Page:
in 1828 at the age of 75. It was during his time in Congress, however, that Walker—and, by extension, Buncombe County—made their somewhat unexpected contribution to our language. In late 1819, Congress was tasked with debating the so-called Missouri Question: namely, whether the territory of Missouri should be admitted into the Union as a free or a slave state. The debate had already rumbled on for several inconclusive months until finally, just before a decisive vote was due to be taken early the following year, Congressman Walker stood to address the house on February 25, 1820. Far from bringing the debate to a convincing, vote-swinging conclusion, however, Walker went on to deliver an impossibly lengthy and almost entirely irrelevant 5,000-word speech. “Mr. Speaker,” he began, “I should not have risen on this question did I not believe that we are about to be plunged into a dangerous and conflicting policy wherein some of our best interests and dearest rights are deeply involved. In giving my views on this subject, I find I have to encounter difficulties that I cannot avoid.” And so Congressman Walker went on, and on, and on, with his exasperated and exhausted colleagues, keen to conclude the debate and simply move on to the vote, repeatedly shouting him down and calling for him to cease talking. Despite their protests, however, Walker continued with his speech, proudly explaining that he was not delivering his address for their benefit, but was rather making a “speech for Buncombe.” So memorably useless and entirely unnecessary was Congressman Walker’s speech, however, that “speaking for Buncombe” soon established itself as a slangy catchphrase around the House of Representatives—while the name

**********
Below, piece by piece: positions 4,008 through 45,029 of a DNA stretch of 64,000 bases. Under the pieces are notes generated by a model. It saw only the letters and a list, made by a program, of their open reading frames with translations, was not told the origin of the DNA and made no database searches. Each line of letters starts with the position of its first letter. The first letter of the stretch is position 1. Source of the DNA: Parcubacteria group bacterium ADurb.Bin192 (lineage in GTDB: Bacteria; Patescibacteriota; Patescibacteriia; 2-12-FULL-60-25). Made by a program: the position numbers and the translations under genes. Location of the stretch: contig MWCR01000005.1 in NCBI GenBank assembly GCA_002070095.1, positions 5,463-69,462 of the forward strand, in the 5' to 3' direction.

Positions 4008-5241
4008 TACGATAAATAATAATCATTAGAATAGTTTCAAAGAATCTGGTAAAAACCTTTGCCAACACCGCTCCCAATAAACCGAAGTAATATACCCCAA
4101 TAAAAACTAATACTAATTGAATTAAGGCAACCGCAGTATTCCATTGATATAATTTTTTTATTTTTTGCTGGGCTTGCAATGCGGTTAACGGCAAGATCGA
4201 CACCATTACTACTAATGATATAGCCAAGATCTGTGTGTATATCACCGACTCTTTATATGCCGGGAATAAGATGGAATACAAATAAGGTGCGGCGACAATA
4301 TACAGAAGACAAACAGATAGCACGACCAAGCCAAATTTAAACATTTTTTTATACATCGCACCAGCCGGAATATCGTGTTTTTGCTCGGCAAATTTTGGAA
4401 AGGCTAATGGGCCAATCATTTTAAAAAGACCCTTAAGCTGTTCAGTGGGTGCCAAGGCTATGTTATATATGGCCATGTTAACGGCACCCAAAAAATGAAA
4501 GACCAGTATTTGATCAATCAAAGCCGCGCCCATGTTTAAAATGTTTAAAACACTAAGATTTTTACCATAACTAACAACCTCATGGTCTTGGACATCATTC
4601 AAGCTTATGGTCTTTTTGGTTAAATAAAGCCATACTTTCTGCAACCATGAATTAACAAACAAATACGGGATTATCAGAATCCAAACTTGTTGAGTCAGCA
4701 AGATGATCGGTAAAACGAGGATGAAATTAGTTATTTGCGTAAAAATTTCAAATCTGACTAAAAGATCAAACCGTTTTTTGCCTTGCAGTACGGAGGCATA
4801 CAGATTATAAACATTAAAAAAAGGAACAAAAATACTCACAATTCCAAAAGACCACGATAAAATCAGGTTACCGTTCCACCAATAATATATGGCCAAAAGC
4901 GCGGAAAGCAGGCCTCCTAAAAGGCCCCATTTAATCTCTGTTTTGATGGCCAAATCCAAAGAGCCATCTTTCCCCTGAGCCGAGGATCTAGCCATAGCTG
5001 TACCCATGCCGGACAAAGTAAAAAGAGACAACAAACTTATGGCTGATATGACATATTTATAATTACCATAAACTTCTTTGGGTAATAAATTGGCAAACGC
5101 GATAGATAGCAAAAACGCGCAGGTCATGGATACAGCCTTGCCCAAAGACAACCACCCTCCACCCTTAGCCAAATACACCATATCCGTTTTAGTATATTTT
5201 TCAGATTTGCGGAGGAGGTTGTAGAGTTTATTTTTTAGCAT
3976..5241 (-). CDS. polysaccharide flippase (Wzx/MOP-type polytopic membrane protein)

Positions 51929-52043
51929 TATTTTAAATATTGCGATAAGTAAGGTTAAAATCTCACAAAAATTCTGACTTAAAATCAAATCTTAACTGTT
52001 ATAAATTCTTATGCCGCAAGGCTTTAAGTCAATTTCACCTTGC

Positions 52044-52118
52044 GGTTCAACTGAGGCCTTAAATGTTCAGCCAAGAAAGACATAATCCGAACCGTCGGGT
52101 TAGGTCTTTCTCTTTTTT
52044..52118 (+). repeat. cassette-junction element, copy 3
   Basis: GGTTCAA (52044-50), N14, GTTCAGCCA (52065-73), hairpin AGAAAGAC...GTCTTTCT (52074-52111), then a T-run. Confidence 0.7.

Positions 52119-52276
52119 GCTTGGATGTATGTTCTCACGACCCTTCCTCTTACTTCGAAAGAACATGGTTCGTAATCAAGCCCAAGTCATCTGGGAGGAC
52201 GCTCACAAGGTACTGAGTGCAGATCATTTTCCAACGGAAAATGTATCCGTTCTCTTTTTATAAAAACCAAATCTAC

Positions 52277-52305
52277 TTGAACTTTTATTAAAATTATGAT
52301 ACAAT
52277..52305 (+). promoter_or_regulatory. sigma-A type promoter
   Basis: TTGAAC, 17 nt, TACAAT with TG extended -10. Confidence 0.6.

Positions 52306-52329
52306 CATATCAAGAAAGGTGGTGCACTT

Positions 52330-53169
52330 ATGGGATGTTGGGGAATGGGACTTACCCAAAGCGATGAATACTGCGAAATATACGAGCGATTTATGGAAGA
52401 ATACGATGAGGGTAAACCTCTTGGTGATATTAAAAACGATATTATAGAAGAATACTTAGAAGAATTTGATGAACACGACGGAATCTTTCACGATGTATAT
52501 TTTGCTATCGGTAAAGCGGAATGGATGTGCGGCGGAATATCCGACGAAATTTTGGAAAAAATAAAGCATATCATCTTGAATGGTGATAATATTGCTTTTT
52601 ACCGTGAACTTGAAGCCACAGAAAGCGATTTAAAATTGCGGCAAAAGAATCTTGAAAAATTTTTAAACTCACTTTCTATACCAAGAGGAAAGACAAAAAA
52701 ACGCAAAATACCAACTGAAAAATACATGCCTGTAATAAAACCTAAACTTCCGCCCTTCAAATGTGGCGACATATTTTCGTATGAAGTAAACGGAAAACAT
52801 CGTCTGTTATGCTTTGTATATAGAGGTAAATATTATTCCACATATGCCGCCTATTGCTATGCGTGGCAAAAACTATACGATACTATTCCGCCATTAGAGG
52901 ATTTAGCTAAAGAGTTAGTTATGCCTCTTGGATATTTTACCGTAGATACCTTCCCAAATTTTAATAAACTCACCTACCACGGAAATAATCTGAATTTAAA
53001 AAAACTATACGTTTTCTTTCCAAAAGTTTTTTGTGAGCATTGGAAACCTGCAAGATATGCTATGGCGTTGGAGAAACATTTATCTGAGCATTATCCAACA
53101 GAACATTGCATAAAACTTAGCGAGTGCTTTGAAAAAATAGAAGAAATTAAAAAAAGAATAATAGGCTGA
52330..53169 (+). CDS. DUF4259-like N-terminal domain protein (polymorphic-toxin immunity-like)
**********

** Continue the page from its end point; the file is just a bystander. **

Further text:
Buncombe itself came to be used of anything nonsensical, impractical, or wholly unwarranted. By the mid-1800s, the expression had become so widely used that its spelling began to simplify; Buncombe morphed into bunkum and was eventually shorted into bunk. The opposite term debunk eventually emerged in 1923. As the word itself changed, however, its connection to Buncombe County, North Carolina, was lost, and both it and Felix Walker’s claim to fame were relegated to the footnotes of the dictionary. In Buncombe County itself, however, a roadside sign still commemorates Congressman Walker’s contribution to the English language: “FELIX WALKER, Revolutionary officer member of Congress, 1817–23,” it reads, “where in ‘talking for Buncombe’ (County), he gave new meaning to the word.”